Ontario Premier Doug Ford announced on February 14 that the province is lifting all restaurant capacity limits starting at 12:01 a.m. on February 17, three days ahead of schedule. Mandatory proof of vaccination for restaurant guests will then be scrapped from March 1.
Noting that COVID-19 positivity rates and new hospital admissions have fallen week over week, signalling that “the Omicron peak is behind us”, Ford has now brought forward the date for moving to the next stage.
Effective February 17, numerous restrictions are being loosened. Most pertinently for the foodservice and hospitality industry, capacity limits are being removed in restaurants, bars, and other food or drink establishments without dance facilities.
The indoor capacity limit at nightclubs and restaurants where there is dancing will be set at 25 per cent. Limits at grocery and retail stores will be maintained at or increased to the number of people who can maintain two metres physical distance.
Then, effective March 1, assuming that health indicators continue to improve, Ontario will follow provinces such as Alberta and Saskatchewan in lifting its proof of vaccination mandates for all settings.
Mandatory proof of vaccination had become something of a standard in Canada over the last few months. A provincial news release notes that businesses and other settings may choose to continue to require proof of vaccination if they so wish.
Masking requirements will remain in place at this time, with a specific timeline to lift this measure to be communicated at a later date.
Cautious optimism from industry advocates
Tony Elenis, CEO of the Ontario Restaurant Hotel & Motel Association (ORHMA), said that the industry “cannot wait to open up full capacity and start seeing restrictions go away for good,” as quoted by CTV News.
“While I say this with a few reservations, it does feel like today may mark the beginning of the long road to Ontario’s small business recovery,” added Dan Kelly, president of the Canadian Federation of Independent Business.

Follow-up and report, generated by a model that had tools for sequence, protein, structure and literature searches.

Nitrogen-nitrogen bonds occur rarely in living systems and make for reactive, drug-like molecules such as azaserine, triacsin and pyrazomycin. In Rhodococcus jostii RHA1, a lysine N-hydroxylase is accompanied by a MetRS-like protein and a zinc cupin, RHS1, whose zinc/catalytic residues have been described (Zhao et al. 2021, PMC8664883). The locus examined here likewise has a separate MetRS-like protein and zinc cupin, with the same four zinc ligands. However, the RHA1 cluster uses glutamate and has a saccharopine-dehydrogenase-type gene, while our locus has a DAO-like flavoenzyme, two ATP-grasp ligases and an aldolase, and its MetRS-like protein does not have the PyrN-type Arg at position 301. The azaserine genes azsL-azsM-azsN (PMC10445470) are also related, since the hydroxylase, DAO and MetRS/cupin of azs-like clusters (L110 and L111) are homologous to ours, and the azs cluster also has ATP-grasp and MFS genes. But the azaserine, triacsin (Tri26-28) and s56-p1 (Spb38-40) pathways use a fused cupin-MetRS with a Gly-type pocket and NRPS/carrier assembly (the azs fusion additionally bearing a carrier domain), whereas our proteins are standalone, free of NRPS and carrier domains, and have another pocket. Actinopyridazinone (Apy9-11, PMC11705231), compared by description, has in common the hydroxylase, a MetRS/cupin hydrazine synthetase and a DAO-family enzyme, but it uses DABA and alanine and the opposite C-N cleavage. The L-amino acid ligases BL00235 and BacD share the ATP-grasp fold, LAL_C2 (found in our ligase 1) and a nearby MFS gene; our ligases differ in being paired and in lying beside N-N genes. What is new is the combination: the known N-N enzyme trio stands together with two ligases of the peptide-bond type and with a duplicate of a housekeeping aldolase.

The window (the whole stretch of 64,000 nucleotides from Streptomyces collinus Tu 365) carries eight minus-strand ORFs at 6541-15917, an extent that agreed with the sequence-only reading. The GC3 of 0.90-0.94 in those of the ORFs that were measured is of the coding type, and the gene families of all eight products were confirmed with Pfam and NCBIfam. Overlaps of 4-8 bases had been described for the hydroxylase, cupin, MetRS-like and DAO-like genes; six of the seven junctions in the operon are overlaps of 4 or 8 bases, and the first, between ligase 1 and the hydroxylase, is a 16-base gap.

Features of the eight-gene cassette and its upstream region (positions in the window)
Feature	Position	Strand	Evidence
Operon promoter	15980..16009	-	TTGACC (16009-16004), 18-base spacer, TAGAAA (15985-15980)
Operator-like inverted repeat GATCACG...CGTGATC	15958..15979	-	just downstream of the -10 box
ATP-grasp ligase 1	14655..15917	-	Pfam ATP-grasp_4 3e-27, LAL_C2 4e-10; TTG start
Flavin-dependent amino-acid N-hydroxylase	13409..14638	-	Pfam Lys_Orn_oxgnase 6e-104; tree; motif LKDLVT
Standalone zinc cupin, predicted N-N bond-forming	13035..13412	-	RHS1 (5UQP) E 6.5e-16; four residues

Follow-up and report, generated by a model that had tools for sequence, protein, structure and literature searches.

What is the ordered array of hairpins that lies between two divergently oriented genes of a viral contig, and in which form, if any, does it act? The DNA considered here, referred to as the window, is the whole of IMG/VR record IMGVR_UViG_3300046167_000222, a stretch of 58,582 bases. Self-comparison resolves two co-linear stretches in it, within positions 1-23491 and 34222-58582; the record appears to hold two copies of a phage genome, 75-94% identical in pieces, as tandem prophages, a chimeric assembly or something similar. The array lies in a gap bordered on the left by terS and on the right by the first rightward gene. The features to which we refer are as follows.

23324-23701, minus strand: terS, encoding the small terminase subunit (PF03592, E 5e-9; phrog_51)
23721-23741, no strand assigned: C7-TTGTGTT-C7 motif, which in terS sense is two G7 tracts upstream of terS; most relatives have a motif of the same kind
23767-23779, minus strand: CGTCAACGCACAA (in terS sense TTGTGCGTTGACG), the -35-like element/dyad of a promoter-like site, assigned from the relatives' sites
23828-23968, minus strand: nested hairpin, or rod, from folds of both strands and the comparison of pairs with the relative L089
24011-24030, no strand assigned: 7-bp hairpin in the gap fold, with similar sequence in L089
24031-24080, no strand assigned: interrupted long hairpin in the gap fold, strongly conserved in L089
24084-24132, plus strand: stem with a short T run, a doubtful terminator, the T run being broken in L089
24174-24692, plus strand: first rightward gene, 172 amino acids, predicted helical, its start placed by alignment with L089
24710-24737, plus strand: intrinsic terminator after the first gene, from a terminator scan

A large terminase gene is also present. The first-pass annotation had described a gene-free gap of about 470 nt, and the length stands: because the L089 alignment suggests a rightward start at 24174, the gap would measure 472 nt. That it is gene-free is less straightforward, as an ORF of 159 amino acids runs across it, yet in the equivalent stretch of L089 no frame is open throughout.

Kelly added that CFIB’s latest survey data shows that 74 per cent of Ontario’s small businesses believe it’s time for capacity restrictions to be lifted and 66 per cent say it’s time for proof-of-vaccination requirements to be eliminated.
Elenis added that he believes “the vast majority” of restaurants will abandon the proof-of-vaccination process.
“I believe they are going to kiss it goodbye because in many cases there have been confrontations at the door. It served its purpose and the industry embraced it as a tool to prevent future lockdowns but it’s time for vaccination proof to go away.”
However, ORHMA believes some restaurants may decide to keep the QR Code requirement to instill “consumer confidence” in their own patrons.
Both Elenis and Kelly are calling on public officials to change their narrative and tell customers that indoor dining is safe.
“What the industry is waiting for all three levels of government including the health department to start promoting restaurants as a safe place to go in and dine,” says Elenis. “We know indoor dining is safer than the house gatherings that have happened over the years. Hotel meeting rooms, events and restaurants all need help. We need governments to start promoting that it’s healthy to travel and healthy to go and visit and eat in a restaurant.”